Battle over Volga-Dnepr/ABC Cargo and the 748F order gets weirder

Russians, money, Covid19, is it, isn’t it happening and the personal foibles of a Russian oligarch, all play a role in this increasingly bizarre story over an order for four Boeing 748F’s.

Almost out of nowhere a lawsuit was filed this week in Boeing’s home town of Seattle by Russian air cargo specialist Volga-Dnepr Group, the owners of the Air Bridge Cargo (ABC) group and its subsidiaries like Cargologicair UK.

Volga-Dnepr claims that it has a binding contract with Boeing to deliver four of the 748F’s, and that it has the nearly US$600m to pay for them. Indeed they’re saying they are expecting one to be delivered soon.

Only it’s not quite as straight forward as that. When the order was first made, Volga-Dnepr’s owner, Alexey Isaikin, an aircraft enthusiast, suggested in 2016 he wanted dinner with a then very elderly Joe Sutter, the design chief for the original 747. Boeing obliged.

At the time Isaikin declared the 748 “the best cargo plane in the world”.

In March 2020 Boeing removed the four pending aircraft from the delivery schedule, showing just the 13 left for UPS. Volga-Dnepr also has an order for for nine 777-F’s as well.

Now back in January, with the Chinese in lockdown over Covid19 and a collapse in the Asian cargo market, ABC had to ground at least half of its fleet and told Boeing it couldn’t now get financing to finish the order.

By 17th January, the company informed Boeing it couldn’t accept the 747-8F’s and needed “to rescind the purchase agreement.”

A follow up letter was sent to Boeing on January 22nd, declaring it “could not fulfil its contractual obligations”, in respect of the first three 777-F’s.

Having received the letters, and not being especially bothered by the loss of the 748F orders, which Boeing seems to have lost all interest in, mostly because Triumph, who made the exterior key panels was leaving the programme, effectively killing it off, accepted them at their word. Boeing saw the order as dead. Besides it had other customers waiting in the wings.

Now the vagaries of the cargo market swoop back in to save ABC – Covid19 is now a global pandemic and large freighters can’t be had for love nor money.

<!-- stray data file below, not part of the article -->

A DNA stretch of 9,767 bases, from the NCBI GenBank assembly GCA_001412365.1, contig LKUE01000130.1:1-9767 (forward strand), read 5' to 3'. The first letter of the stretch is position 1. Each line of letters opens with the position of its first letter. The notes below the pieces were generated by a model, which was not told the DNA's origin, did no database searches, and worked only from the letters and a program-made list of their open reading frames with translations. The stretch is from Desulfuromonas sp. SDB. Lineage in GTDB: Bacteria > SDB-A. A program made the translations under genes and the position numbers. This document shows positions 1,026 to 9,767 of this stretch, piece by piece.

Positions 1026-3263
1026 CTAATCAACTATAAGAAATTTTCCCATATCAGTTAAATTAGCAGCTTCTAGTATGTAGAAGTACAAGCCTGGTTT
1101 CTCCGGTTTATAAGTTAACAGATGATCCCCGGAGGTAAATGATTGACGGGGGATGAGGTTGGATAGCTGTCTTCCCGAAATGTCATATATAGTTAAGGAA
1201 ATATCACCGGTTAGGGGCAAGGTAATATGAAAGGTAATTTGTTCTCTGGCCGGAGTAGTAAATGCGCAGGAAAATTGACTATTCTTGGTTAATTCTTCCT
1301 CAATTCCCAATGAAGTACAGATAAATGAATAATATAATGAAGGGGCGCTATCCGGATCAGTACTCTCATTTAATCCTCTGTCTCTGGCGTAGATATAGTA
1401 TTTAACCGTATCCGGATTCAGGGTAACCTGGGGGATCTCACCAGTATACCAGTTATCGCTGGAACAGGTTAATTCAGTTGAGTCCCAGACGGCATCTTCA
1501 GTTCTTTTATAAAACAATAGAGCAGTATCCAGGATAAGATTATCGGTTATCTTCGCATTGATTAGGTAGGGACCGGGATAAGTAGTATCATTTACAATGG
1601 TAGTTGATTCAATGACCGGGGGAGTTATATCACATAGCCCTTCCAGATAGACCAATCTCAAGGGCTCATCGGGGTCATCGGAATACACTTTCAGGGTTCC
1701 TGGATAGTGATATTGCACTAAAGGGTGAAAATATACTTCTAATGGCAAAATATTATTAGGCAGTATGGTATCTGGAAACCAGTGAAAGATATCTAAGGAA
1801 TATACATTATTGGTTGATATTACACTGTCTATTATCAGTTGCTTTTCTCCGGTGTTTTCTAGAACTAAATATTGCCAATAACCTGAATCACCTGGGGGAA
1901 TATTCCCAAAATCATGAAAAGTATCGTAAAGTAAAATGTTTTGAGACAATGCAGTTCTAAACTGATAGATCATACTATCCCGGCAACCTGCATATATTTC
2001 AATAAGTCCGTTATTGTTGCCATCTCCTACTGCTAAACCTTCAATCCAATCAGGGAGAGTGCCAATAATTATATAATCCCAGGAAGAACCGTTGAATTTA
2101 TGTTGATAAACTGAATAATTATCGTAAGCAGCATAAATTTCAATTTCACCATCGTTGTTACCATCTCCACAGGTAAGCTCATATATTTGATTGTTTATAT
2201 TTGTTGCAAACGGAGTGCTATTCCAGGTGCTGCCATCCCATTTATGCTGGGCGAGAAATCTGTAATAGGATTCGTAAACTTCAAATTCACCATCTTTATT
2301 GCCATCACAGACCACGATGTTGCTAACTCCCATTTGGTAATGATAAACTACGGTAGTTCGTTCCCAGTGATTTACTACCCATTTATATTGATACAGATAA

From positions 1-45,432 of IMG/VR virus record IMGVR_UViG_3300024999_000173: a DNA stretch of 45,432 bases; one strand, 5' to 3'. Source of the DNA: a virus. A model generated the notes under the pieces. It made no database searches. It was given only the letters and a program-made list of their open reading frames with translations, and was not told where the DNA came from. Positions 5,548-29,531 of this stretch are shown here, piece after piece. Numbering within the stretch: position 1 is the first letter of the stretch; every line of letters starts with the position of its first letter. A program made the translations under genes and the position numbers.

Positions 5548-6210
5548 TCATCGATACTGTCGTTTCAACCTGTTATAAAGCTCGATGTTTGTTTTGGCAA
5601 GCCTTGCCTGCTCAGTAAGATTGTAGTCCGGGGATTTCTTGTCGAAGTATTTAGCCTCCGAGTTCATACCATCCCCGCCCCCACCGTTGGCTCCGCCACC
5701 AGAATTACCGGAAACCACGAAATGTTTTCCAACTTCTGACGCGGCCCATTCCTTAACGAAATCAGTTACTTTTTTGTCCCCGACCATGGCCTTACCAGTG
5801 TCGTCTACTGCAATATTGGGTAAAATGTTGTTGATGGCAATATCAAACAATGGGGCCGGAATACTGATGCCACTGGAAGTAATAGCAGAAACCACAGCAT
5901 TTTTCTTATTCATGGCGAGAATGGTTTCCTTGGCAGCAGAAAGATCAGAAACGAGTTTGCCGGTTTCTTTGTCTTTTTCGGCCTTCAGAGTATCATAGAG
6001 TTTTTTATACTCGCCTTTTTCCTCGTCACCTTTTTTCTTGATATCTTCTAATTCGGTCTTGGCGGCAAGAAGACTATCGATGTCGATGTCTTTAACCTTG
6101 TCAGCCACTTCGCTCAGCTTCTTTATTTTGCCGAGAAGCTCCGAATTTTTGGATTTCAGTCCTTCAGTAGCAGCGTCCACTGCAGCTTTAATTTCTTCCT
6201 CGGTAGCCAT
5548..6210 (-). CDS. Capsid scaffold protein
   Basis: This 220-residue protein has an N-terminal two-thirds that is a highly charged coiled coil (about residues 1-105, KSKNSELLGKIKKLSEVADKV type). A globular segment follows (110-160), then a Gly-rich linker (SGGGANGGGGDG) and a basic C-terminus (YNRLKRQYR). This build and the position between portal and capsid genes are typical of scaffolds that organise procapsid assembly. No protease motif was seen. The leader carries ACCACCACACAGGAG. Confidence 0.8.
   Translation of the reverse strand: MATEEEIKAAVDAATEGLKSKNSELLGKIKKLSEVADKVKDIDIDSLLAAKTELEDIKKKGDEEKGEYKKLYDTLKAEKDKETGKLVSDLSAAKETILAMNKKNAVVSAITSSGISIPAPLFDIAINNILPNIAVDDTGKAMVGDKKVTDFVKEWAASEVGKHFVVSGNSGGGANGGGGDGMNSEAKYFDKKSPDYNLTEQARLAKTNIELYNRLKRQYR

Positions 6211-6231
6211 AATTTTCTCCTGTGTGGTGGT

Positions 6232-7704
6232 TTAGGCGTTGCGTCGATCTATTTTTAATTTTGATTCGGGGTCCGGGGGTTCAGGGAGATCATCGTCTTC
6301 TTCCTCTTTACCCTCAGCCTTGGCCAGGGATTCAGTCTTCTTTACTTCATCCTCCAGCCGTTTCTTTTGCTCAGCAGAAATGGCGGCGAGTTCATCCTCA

Those unwilling in a downward market, to supply the finance Volga-Dnepr needed, suddenly changed their mind and the company got the money and wanted the aircraft.

The first aircraft was supposed to have been delivered on February 28th, Boeing by then said it was in advance stages of selling it and the other three to another buyer, and had found a buyer for the three 777-F’s.

On 13th April Volga-Dnepr now wanted the aircraft “as soon as possible”. On May 1st they also said they wanted the 777-F’s.

Volga-Dnepr seems to think that it was unreasonable of Boeing to have spent the 46 days between the 28th February trying to sell the aircraft, when it should have taken delivery of the first aircraft, them cancelling the contract and then unilaterally declaring it was changing its mind on the 13th April, and that the contract was still valid, as a cause for suing Boeing.

They feel that they paid just about $150m in advance fees (almost certainly lost on cancellation), that Boeing profited from their distress during a pandemic, and all they should be charged is 46 days of storage fees!

Meanwhile their respective PR departments are trying to play down the matter. You know partnerships, strategic business allies, all that smoke and mirrors verbiage they spew at times like this.

Yet on the other hand…at least two airlines are adamant they have requested quotes from Boeing for the supply of 748F’s and been totally ignored, and Boeing is about to lay off engineers and machinists – some 5,000 of them, as apart of its wider job cuts likely to total some 12,500.

I suspect the lawsuit is merely a negotiating ploy to get Boeing to speed delivery of the aircraft, while the market for their use is high. And I suspect the Russian banks financing it – which would have had a nod from the Kremlin, have a time limit. If the market dives and the government feels its no need to spend dollars – especially when the oil market is so depressed, then Volga-Dnepr is the least of their worries. But if the airline can get them soon, once it has them, it has them.